More than two months after Michael Brown’s death exposed deep fissures within the St. Louis region, Missouri Gov. Jay Nixon announced the formation of a commission aimed at healing the divide.
During a speech at St. Louis Community College at Florissant Valley, Nixon discussed an executive order stablishing a “Ferguson Commission.” In prepared remarks released before he spoke, Nixon said he hoped the members of the commission, who haven’t been named publicly, would “come together in good faith, endure the fierce crucible of public opinion, and lead the hard work of change.”
The Missouri Club for Growth, a conservative campaign committee, has launched a barrage of TV ads around the state in favor of Amendment 10, a proposed constitutional amendment that would limit the power of the governor to balance the state’s budget.
The ads are to run through Election Day, said Todd Abrajano, a consultant for the group.
Abrajano declined to say who has donated the money to pay for the ads – and says Gov. Jay Nixon is to blame for the anonymity.
Less than a year after losing a bid for Boeing’s 777X commercial plane, state and local officials couldn’t be happier about the aircraft manufacturer’s latest announcement that some of the 777X’s parts will be built here – creating 700 new jobs.
The 700 comes on top of 500 defense-related jobs that Boeing is moving from Washington state, and up to 900 coming to St. Louis as part of a “global realignment,’’ as Boeing executive vice president Chris Chadwick explained at Monday’s news conference.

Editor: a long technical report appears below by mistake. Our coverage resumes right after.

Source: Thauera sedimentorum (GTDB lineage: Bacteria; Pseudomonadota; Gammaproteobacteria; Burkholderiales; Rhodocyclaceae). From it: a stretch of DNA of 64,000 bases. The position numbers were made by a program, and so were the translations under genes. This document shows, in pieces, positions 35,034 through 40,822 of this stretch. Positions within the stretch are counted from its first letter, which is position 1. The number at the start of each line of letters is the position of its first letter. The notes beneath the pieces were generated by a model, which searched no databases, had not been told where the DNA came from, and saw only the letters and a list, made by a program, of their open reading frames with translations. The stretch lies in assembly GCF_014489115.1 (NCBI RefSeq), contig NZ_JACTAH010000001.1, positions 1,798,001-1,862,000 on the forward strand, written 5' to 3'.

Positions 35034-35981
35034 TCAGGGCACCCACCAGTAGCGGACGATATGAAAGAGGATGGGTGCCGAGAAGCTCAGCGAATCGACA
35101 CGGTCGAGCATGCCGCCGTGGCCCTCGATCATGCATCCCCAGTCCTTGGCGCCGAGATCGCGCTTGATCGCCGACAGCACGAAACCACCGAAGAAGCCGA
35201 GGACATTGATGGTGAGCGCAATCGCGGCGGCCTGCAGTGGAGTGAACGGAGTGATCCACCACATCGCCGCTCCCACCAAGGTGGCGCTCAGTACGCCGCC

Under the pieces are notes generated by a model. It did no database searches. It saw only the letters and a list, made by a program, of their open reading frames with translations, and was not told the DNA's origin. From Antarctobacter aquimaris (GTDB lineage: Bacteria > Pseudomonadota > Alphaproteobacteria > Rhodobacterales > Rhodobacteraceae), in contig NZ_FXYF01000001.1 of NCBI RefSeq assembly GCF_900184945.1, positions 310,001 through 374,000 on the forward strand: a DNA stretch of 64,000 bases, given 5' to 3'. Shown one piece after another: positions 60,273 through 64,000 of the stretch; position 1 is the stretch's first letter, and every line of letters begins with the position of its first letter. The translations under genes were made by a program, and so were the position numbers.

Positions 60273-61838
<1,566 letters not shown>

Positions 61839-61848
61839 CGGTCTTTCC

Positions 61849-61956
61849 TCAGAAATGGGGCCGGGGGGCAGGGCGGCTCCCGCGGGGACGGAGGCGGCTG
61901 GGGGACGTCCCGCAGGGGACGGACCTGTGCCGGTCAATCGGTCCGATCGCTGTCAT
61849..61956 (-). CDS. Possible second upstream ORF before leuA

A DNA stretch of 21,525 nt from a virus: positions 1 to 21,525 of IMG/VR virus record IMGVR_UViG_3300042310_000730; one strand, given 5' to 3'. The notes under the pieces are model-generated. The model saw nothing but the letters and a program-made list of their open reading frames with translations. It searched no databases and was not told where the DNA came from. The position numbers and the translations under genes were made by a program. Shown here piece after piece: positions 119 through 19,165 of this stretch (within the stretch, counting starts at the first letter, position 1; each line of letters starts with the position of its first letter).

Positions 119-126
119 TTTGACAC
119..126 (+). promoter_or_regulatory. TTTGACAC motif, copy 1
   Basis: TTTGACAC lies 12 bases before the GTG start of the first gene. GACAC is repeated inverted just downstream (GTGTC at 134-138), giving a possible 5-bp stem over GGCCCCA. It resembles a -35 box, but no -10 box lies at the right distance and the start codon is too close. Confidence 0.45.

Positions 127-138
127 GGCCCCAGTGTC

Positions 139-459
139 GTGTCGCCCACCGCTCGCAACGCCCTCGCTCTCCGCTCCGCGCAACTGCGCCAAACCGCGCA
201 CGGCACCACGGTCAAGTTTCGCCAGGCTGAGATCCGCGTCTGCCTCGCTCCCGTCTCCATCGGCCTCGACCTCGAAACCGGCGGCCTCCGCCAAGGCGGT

A tutoring program that now serves 150 students in north St. Louis could expand to help 350 more students in the city and north St. Louis County with the help of $500,000 in federal funds awarded by the state of Missouri.
Missouri Gov. Jay Nixon is expected to return to Jefferson City on Monday after an undercover, whirlwind trip to Afghanistan over the weekend.
It was Nixon’s fourth trip to the war zone, where U.S. troops have been present for more than a decade.
According to the governor’s office, he “arrived in Afghanistan on Saturday as part of a delegation of four U.S. governors that included Nevada Gov. Brian Sandoval, New York Gov. Andrew Cuomo and Tennessee Gov. William Haslam.”
After facing intense heat from some of his party’s African-American leaders, Gov. Jay Nixon is tapping a former St. Louis-area senator to serve as a liaison to the state’s poor and minority communities.
Missouri Gov. Jay Nixon appears to be offering more political assistance to fellow Democrats competing for seats in the General Assembly, after years of embracing a lower campaign profile that even concerned some within his own party.
Tuesday night, Nixon stopped at a Democratic fundraiser in Frontenac to offer up a rousing endorsement of state Rep. Jill Schupp’s quest this fall for the state Senate in the 24th District, which takes in much of central St. Louis County.
Missouri state Auditor Tom Schweich plans to unveil in a few weeks a new initiative to target municipal courts that he believes may be violating state law.
Schweich told members of the St. Louis Chamber at a luncheon Tuesday that his office soon will “start picking five of the most suspect courts in the state each year and checking to see if they are complying with this new law -- whether they are mistreating any person of a different race or religion and also whether they are refunding money to the state or illegally keeping money for themselves."
From looking at the raw numbers, Republican legislators might consider the Missouri General Assembly’s recent veto session a smashing success.
After all, the Republican-controlled body overrode 10 of Gov. Jay Nixon’s vetoes – and even more of his line-item vetoes. Nixon even faced a blistering condemnation from a Democratic senator over his response to Ferguson.